1. John Taylor, 2007. "Housing and Monetary Policy," Discussion Papers, Stanford Institute for Economic Policy Research 07-003, Stanford Institute for Economic Policy Research.
    2. Rigobon, Roberto & Sack, Brian, 2004. "The impact of monetary policy on asset prices," Journal of Monetary Economics, Elsevier, Elsevier, vol. 51(8), pages 1553-1575, November.
    3. Aaron Mehrotra & José R. Sánchez-Fung, 2010. "China’s monetary policy and the exchange rate," Working Paper Series, Federal Reserve Bank of San Francisco 2010-19, Federal Reserve Bank of San Francisco.
    4. Mehrotra, Aaron & Koivu, Tuuli & Nuutilainen, Riikka, 2008. "McCallum rule and Chinese monetary policy," BOFIT Discussion Papers, Bank of Finland, Institute for Economies in Transition 15/2008, Bank of Finland, Institute for Economies in Transition.
    5. Olivier Jean Blanchard & Danny Quah, 1988. "The Dynamic Effects of Aggregate Demand and Supply Disturbances," NBER Working Papers 2737, National Bureau of Economic Research, Inc.
    6. Chengsi Zhang, 2010. "Inflation Uncertainty and Monetary Policy in China," China & World Economy, Institute of World Economics and Politics, Chinese Academy of Social Sciences, Institute of World Economics and Politics, Chinese Academy of Social Sciences, vol. 18(3), pages 40-55.
    7. Michael Geiger, 2008. "Instruments Of Monetary Policy In China And Their Effectiveness: 1994–2006," UNCTAD Discussion Papers, United Nations Conference on Trade and Development 187, United Nations Conference on Trade and Development.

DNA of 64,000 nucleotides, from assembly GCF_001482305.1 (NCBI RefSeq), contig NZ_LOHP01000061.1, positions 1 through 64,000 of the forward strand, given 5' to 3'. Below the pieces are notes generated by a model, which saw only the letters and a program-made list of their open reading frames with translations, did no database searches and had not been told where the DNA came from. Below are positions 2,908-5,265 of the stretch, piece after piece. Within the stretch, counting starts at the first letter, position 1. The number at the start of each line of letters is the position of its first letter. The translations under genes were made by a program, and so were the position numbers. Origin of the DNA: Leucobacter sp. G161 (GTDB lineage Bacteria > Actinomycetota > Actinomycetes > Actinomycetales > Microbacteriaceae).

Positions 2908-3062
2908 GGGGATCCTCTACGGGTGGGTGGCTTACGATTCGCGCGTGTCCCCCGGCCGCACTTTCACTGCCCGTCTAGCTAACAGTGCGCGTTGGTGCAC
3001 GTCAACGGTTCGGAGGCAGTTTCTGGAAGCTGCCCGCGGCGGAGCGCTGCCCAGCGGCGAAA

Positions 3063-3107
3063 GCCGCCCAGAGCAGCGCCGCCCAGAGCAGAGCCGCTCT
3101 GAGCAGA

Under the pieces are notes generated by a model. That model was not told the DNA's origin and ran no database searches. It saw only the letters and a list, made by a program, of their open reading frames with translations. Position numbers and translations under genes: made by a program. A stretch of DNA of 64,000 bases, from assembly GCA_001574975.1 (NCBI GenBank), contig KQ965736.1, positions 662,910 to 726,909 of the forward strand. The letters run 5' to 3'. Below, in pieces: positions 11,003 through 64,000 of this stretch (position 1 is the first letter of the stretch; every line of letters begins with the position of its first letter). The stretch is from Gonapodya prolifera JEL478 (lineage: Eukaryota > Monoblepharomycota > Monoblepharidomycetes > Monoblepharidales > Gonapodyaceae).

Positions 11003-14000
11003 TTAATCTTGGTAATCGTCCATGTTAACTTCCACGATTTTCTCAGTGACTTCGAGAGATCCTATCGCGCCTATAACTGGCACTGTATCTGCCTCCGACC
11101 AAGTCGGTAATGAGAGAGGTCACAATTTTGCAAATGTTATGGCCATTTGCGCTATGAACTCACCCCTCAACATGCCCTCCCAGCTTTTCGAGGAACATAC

8. Zhang, Yin & Wan, Guang Hua, 2002. "Household consumption and monetary policy in China," China Economic Review, Elsevier, Elsevier, vol. 13(1), pages 27-52.
    9. Dickinson, David & Liu, Jia, 2007. "The real effects of monetary policy in China: An empirical analysis," China Economic Review, Elsevier, Elsevier, vol. 18(1), pages 87-111.
    10. Yu, Qiao, 1997. "Economic Fluctuation, Macro Control, and Monetary Policy in the Transitional Chinese Economy," Journal of Comparative Economics, Elsevier, vol. 25(2), pages 180-195, October.
    11. repec:diw:diwfin:diwfin07040 is not listed on IDEAS
    12. Dan Luo & Shujie Yao, 2010. "World financial crisis and the rise of Chinese commercial banks: an efficiency analysis using DEA," Applied Financial Economics, Taylor & Francis Journals, Taylor & Francis Journals, vol. 20(19), pages 1515-1530.
    13. Alan Greenspan, 2004. "Risk and Uncertainty in Monetary Policy," American Economic Review, American Economic Association, American Economic Association, vol. 94(2), pages 33-40, May.
    14. Bernard Laurens & Rodolfo Maino, 2007. "China," IMF Working Papers, International Monetary Fund 07/14, International Monetary Fund.